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Excerpt from Chapter 18: A Kid’s Improbable Journey, Jesuit Guidance… And Vignettes of Trial Lawyers

We left the steaming hulk of what used to be a car, and walked away from a mystical silhouette of the headlights, fog and radiator vapor. We headed back toward the empty roadway. As we walked in silence, I kept checking my teeth. “How ironic,” I thought. My father, with great financial sacrifice, had an orthodontist, Dr. Martinek, put braces on my teeth which I dutifully wore for five years. But, now what did my teeth look like? I was fixated on my teeth. Did I look like a jack-o-lantern? But, hallelujah!… Good news! I found my teeth in their customary sockets. Hooray!… Brian didn’t knock my teeth out.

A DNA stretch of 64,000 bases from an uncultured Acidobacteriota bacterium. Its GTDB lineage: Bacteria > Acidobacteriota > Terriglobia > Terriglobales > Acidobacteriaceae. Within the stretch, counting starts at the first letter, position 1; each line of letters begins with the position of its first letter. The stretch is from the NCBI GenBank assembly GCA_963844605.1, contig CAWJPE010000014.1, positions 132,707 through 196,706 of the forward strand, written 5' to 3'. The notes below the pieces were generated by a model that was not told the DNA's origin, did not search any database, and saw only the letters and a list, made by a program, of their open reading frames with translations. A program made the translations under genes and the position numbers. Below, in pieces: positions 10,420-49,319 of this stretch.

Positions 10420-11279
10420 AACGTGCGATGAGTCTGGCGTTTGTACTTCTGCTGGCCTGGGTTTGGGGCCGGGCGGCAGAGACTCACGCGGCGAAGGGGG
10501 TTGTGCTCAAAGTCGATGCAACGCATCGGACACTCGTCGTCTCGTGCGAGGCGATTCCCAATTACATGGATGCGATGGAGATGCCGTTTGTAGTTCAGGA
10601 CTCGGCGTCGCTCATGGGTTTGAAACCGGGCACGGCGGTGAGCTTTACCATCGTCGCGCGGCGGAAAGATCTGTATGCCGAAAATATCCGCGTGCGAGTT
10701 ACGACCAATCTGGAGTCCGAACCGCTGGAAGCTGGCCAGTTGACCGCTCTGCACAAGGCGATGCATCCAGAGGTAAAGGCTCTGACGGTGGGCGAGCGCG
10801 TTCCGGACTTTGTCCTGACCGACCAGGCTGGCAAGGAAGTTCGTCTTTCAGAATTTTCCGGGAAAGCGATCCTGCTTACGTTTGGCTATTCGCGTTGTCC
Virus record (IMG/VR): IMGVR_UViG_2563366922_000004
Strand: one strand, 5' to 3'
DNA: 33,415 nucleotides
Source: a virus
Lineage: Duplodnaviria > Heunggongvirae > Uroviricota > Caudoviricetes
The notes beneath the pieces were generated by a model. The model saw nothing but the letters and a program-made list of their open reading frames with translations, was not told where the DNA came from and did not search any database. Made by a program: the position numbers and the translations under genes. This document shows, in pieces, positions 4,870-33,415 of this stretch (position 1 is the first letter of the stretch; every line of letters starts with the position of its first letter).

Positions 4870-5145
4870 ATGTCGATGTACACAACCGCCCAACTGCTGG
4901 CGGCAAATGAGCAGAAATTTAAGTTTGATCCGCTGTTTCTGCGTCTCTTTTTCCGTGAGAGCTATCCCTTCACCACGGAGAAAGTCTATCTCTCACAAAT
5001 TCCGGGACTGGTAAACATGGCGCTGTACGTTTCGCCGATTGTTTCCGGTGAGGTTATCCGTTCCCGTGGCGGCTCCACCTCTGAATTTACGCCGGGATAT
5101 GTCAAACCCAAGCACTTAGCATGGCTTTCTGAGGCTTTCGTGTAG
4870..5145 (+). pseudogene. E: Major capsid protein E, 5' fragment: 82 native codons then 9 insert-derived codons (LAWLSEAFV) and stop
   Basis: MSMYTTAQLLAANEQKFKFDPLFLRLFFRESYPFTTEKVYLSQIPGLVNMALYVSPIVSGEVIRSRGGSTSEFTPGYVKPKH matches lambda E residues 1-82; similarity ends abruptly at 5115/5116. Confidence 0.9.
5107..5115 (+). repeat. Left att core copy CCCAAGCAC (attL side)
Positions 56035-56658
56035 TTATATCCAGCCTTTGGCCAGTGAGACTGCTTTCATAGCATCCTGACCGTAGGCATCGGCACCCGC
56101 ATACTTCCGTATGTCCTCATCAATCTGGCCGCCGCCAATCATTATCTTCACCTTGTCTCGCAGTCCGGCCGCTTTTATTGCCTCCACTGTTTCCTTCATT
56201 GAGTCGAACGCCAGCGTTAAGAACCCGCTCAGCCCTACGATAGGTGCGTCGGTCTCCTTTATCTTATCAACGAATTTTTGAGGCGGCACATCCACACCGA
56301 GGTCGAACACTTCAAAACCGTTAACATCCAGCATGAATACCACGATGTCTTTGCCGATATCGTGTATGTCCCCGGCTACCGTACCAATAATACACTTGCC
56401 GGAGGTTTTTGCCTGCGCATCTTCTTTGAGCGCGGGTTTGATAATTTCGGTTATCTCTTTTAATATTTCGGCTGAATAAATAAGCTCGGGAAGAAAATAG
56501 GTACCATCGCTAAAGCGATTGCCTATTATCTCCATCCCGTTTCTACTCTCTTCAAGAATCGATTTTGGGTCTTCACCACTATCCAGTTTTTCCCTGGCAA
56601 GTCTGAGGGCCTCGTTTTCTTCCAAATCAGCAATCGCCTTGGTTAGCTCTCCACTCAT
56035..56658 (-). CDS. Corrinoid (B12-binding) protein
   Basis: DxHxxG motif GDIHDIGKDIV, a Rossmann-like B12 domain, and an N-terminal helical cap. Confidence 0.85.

Finally, when we got to the roadway, I confronted Brian: “What just happened, my man?” to which Brian replied without missing a beat: “As Jack Frost said, we took the ‘road less traveled’.” And so we did, in more ways than one. Brian and I walked and walked, and, finally, a car stopped and gave us a ride to Brian’s house where I crashed on Brian’s couch, and Brian snuggled up to his wife. I wonder what her thoughts were. As for me, I didn’t have any profound thoughts or profound emotions one way or the other. It was just another “day in the life of… ” – the usual dysfunction that surrounded me since I could first remember. Although others seem to see these types of incidents and my life as dramatic or perhaps even traumatic, all I knew was that “life was tough,” and one hard day just kept evolving and revolving into the next difficult day. As I drifted off to sleep on Brian’s couch, my last thought was: “Okay, so today Brian Lavan tried to knock my teeth out by crashing us headlong into the scary darkness of the forest primeval, but I’m still alive. So what’s next on the agenda? Tomorrow will tell.”